Global tourism is often touted as a powerful vehicle for generating new jobs and services, earning foreign exchange, and alleviating poverty. Tourist demand creates much-needed jobs in construction, light manufacturing, transportation, telecommunications, and financial services. Locals then use their wages to buy food, farm machinery, pharmaceuticals, and other items needed to improve their lives. New economic enterprises can even be established in isolated locations, stimulating much-needed infrastructural improvements.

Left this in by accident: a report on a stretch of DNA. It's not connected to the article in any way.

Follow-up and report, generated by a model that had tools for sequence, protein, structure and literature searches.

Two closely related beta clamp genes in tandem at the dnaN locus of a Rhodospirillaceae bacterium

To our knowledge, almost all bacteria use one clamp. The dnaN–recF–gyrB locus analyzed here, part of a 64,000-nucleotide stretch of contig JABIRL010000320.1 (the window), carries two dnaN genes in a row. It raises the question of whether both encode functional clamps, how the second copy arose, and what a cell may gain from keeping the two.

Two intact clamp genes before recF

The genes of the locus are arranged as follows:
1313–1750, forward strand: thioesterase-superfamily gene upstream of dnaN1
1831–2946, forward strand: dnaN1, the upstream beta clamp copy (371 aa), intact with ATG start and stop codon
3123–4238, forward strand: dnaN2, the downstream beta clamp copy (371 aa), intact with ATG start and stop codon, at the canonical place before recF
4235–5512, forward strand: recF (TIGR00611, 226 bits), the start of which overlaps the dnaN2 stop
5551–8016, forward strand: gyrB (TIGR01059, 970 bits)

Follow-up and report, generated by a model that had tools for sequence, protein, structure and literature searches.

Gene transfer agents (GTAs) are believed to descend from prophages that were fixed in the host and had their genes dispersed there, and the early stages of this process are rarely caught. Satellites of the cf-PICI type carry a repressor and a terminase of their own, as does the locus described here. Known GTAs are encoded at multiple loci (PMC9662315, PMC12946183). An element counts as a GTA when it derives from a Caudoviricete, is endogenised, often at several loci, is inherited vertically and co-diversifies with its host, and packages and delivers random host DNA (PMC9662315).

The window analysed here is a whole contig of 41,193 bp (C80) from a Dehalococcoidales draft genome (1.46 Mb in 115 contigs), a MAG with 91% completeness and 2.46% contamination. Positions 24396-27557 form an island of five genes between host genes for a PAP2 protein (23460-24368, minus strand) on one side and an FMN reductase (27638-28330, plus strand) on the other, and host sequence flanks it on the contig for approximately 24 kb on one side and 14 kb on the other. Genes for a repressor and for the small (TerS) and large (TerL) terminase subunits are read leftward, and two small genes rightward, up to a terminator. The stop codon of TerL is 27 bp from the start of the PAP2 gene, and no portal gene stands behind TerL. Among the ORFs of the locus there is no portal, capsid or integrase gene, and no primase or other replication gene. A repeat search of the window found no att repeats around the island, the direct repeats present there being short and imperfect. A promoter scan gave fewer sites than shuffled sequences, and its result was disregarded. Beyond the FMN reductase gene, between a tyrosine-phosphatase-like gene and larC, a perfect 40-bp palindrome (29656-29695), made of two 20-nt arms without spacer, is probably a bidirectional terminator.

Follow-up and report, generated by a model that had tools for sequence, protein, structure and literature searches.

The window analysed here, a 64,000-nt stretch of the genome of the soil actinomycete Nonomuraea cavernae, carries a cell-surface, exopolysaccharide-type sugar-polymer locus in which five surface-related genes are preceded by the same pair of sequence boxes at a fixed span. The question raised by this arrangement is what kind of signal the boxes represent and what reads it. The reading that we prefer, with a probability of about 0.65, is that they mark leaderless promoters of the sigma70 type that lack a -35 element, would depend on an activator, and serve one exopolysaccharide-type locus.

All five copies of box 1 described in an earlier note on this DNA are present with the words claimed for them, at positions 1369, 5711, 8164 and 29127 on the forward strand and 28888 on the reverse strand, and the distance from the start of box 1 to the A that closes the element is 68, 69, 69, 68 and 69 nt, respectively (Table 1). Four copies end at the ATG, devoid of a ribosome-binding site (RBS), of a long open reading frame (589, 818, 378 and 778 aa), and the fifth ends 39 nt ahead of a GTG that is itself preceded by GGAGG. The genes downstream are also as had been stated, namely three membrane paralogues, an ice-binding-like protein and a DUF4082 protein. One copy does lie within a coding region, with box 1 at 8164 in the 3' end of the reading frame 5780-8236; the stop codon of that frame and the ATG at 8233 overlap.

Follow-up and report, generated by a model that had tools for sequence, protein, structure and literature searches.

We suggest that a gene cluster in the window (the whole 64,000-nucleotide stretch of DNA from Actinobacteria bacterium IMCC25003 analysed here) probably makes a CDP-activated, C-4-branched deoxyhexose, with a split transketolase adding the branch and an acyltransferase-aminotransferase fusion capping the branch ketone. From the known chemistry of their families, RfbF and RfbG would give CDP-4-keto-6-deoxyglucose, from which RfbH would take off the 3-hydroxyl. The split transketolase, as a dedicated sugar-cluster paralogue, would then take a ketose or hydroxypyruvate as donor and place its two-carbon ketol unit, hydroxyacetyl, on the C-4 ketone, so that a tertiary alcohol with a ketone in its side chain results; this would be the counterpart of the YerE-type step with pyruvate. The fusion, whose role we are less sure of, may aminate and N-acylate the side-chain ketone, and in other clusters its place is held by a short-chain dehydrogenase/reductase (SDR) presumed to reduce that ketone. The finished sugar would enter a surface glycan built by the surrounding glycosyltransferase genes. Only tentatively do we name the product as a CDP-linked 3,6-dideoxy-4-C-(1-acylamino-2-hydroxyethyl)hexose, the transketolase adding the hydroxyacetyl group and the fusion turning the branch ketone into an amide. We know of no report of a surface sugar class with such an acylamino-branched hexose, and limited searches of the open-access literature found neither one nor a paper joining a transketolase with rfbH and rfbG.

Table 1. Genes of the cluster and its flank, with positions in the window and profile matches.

These potential benefits, however, are not automatically fulfilled. Especially in Third World economies, a relatively small amount of the nonwage revenues generated by tourism actually stays in the country. Much of it ends up being repatriated (“leaked”) to First World firms that own and operate the airlines, hotels, car rental agencies, and food services that we, as foreign travelers, depend upon.
As part of their learning, students will study economically sustainable study abroad to better understand the impact of who gains and loses financially from our presence abroad, and then learn to make choices related to housing, transportation, eating, and purchasing of local goods and services that deliver economic benefits to host communities, sustain and renew environmental resources, and multiply opportunities for intercultural interaction.